Here's what I wrote back:
If we can migrate successfully to new platforms, master new techniques and learn to operate in today's world of partnerships, alliances, interactivity, audience empowerment and the like, we can become even more successful at our core mission: holding government accountable, building community cohesion, speaking truth to power and the like.
I guess I'd say that Shafer is right in some fundamental sense, although he is
wrong on many specifics. (Interestingly, almost *none* of these noted pundits
ever call us to ask questions about our operations, or the deal, or our
perspective. They just opine.)
What's overarchingly true about The Present Troubles is simply that conditions changed. Newspapers were highly profitable and commanded huge sales prices largely because we used to have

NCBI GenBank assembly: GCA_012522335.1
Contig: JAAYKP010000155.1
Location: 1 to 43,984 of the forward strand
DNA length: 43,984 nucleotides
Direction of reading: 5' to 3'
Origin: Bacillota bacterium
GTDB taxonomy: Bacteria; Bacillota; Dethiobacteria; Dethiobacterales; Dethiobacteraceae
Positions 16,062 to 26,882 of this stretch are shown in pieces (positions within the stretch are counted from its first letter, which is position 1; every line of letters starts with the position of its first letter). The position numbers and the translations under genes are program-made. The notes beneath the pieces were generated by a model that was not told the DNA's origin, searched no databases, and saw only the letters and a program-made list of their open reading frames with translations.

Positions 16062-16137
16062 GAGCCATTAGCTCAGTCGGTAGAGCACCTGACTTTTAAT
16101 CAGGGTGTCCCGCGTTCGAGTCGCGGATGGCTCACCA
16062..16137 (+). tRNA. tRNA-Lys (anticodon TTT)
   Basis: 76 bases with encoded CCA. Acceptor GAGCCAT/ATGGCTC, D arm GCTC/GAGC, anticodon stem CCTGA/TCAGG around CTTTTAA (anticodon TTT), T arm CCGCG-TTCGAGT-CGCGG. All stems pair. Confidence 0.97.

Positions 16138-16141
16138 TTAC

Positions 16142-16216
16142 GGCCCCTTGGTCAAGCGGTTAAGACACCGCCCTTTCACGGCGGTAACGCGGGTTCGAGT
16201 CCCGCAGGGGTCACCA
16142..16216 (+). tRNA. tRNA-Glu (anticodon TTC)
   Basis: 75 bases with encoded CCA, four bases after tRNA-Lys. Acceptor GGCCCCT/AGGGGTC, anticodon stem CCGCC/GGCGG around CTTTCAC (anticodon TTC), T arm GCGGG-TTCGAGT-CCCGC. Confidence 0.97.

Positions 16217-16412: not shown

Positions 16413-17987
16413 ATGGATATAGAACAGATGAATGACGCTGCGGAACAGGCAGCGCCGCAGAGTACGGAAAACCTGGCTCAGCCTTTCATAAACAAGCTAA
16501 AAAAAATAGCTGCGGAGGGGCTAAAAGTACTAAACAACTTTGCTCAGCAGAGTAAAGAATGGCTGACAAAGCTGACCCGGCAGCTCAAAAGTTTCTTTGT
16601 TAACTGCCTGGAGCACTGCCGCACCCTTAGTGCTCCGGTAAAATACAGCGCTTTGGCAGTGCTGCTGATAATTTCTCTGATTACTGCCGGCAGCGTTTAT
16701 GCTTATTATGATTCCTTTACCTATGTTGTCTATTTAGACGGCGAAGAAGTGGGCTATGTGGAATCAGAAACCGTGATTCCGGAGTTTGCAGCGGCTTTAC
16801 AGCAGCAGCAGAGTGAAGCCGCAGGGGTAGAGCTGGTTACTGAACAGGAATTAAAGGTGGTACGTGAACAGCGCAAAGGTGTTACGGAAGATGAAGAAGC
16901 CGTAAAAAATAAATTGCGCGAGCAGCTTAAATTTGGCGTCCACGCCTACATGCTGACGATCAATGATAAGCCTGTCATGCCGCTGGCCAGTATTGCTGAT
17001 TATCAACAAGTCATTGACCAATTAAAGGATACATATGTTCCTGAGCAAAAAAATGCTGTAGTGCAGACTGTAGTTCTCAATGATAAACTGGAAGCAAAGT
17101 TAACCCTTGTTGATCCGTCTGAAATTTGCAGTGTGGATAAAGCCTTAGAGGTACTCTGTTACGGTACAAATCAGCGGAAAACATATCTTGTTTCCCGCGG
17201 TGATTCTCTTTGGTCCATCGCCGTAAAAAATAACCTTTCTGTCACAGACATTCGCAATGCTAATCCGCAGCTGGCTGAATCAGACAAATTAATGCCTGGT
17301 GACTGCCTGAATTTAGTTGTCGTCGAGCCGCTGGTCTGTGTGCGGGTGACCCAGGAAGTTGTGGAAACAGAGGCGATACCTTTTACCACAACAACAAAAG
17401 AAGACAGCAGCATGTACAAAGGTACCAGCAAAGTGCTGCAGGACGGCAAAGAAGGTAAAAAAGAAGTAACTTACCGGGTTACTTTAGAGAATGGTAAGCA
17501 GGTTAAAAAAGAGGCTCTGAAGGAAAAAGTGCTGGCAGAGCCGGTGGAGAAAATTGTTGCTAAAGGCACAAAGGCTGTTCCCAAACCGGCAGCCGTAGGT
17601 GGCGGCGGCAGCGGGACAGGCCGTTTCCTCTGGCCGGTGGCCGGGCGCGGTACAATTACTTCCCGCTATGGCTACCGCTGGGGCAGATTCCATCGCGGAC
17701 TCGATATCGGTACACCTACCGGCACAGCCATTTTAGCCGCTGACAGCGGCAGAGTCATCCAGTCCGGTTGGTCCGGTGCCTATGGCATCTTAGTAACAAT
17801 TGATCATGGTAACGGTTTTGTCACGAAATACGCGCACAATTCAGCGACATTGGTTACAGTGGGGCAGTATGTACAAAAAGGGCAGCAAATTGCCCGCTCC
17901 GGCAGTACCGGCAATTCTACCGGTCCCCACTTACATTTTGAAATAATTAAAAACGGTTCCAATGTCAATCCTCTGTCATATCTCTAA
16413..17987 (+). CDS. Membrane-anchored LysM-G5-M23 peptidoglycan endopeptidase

monopoly enterprises with an exclsuive advertising franchise (classifieds) and
very high barriers against competition. None of these three things is true now
(mainly because of the web) and so papers make smaller profits and are worth
when you buy or sell them. It's not about greed or stupidity or malfeasance
(though our industry, God knows, has seen plenty of all three). Things have just
It's not raining on us. It's just raining.
I do think Shafer's right to suggest that the journalism can (and, in my world,
must) survive the economic shifts. That's why we talk constantly about being
mission-driven; I am willing to do what it takes if we can keep honest,
independent journalism at the center of things.
The good news: we're moving there very fast, now, and I have every confidence we'll do so successfully.